Pastor Menke presents “We Dare Not Forget,” a reminder of the horrors of the Holocaust


Pastor seeks to preserve memories of Holocaust

By Carolyn Harmon - charmon@aimmedianetwork.com



St. Paul’s Lutheran Church Pastor Peter Menke presented ” We Dare not Forget,” an educational program about the Holocaust, at St. Mary’s Catholic Church, in Greenville, June 20. Menke began the presentation by putting on a Jewish Prayer Shawl and a Kippah, small head covering.


Carolyn Harmon | The Daily Advocate

Those attending the “We Dare not Forget” program at St. Mary’s Catholic Church were able to view memorabilia from the Holocaust.


Carolyn Harmon | The Daily Advocate

GREENVILLE — According to the U.S. Holocaust Memorial Museum’s “Holocaust Encyclopedia” the single most important thing to keep in mind when attempting to document numbers of victims of the Holocaust, is that no one master list of those who perished exists anywhere in the world.

What follow are the current best estimates of civilians and disarmed soldiers killed by the Nazi regime and its collaborators, from 1933 to 1945, throughout Germany and other occupied areas. Jews: up to six million; Soviet civilians: around seven million; Soviet prisoners of war: around 3 million, including about 50,000 Jewish soldiers; Non-Jewish Polish civilians: around 1.8 million ; Serb civilians: 312,000; People with disabilities living in institutions: up to 250,000; Roma (Gypsies): 196,000–220,000; Jehovah’s Witnesses: around 1,900; Repeat criminal offenders and so-called asocials: at least 70,000; German political opponents and resistance activists in Axis-occupied territory: Homosexuals: hundreds, possibly thousands, possibly also counted in part under the 70,000 repeat criminal offenders and so-called asocials noted above. Many ask: How could this happen?

St. Paul’s Lutheran Church Pastor Peter Menke gave some insight into this question, Wednesday, June 20, during his presentation ” We Dare not Forget,” at St. Mary’s Catholic Church, in Greenville, Ohio. He said, many people today are asking the question, “What is the Holocaust”?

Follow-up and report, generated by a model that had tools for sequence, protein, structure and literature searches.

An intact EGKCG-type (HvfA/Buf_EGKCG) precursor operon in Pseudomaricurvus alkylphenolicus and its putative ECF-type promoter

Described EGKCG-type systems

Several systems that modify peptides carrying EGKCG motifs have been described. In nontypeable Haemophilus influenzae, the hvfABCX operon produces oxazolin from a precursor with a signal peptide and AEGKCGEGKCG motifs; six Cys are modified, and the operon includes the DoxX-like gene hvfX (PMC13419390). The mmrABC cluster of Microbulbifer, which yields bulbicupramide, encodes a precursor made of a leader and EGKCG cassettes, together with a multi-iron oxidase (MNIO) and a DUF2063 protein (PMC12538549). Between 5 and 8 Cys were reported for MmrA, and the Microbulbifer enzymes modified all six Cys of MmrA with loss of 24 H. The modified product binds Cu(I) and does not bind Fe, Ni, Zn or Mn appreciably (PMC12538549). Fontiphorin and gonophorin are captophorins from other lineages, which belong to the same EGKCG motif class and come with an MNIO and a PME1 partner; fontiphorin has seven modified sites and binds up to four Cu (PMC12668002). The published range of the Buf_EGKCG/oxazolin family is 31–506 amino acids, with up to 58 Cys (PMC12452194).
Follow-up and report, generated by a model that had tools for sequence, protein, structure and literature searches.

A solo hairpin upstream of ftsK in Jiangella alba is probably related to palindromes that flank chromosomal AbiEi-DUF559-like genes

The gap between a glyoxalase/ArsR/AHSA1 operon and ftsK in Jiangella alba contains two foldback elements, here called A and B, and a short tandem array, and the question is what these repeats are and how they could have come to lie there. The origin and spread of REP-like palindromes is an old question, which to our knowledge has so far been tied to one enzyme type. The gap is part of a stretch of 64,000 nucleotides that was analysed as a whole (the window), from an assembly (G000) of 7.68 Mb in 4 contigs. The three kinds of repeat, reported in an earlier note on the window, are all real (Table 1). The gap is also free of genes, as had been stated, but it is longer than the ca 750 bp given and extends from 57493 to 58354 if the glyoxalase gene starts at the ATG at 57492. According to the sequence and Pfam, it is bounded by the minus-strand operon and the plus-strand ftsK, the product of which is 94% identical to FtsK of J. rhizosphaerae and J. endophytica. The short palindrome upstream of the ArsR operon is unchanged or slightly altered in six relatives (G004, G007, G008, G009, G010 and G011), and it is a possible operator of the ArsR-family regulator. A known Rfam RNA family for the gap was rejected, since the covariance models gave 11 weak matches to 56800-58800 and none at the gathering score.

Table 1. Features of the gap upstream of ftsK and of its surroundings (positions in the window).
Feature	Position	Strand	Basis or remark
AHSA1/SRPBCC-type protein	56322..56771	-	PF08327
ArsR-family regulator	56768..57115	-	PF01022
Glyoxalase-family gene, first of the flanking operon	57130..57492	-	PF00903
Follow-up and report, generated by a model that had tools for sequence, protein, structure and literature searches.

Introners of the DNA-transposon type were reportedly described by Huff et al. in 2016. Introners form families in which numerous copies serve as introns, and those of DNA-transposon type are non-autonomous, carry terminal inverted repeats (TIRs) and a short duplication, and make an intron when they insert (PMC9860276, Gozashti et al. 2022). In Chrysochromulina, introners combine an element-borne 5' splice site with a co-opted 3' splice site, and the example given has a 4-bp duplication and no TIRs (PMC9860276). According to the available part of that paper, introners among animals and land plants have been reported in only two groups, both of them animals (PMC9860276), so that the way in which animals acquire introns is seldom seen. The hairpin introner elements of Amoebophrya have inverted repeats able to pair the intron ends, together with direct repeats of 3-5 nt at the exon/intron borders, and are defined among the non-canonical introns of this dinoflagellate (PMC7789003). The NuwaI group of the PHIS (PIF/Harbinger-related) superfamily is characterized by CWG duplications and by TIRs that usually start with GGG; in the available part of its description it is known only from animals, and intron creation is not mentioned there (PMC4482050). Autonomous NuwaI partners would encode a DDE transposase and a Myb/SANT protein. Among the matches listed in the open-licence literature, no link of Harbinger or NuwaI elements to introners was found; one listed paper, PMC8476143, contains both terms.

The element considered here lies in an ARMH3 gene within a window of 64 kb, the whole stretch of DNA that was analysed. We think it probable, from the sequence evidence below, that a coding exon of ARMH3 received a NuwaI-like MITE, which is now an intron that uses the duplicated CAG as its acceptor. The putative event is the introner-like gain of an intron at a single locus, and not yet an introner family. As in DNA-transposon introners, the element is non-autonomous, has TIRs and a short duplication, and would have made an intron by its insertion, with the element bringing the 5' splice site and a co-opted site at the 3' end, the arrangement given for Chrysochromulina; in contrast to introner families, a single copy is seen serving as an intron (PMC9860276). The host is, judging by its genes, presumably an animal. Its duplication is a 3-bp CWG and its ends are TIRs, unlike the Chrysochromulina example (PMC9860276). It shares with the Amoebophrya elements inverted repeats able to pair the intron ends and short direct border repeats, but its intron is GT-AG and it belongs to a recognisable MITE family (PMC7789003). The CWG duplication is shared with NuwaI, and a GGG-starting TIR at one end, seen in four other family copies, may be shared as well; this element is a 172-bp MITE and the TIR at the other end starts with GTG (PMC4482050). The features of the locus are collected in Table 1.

“The horrific pictures that were once fresh in the minds of many are now diminished and perhaps altogether forgotten,” Menke said. “Many of the people who were alive to remember are now gone. It is my intention to keep alive the memory of those who perished in the Holocaust.”

Pastor Menke began the presentation by putting on a Jewish Prayer Shawl and a Kippah, small head covering, imagining the scene at Arthur Menke’s family Sabbath Meal. Arthur is believed to be one of Pastor Menke’s cousins. In 1938, Arthur’s family was moved to another part of town, and in 1938 the Nazis seized his father’s business.

“There was a loud knock on the door,” he said. “The Gestapo (Secret State Police, was the official secret police of Nazi Germany and German-occupied Europe) came and arrested Arthur, his father, mother and sister. His father mother and sister died in a concentration camp.”

In 1941, Arthur was deported 800 miles east to Minsk ghetto in the Union of Soviet Socialist Republics (USSR). After two years he was deported to various camps in Poland and was liberated, while on a forced march to the Dachau Camp, in 1945. The Dachau Concentration camp opened, March 22, 1933. According to an unnamed former Jewish prisoner, who had been sent to Dachau, February 4, 1938, the Jews received far worse treatment than the other prisoners in the camp. Here is a quote written by this unnamed prisoner after he was released from Dachau: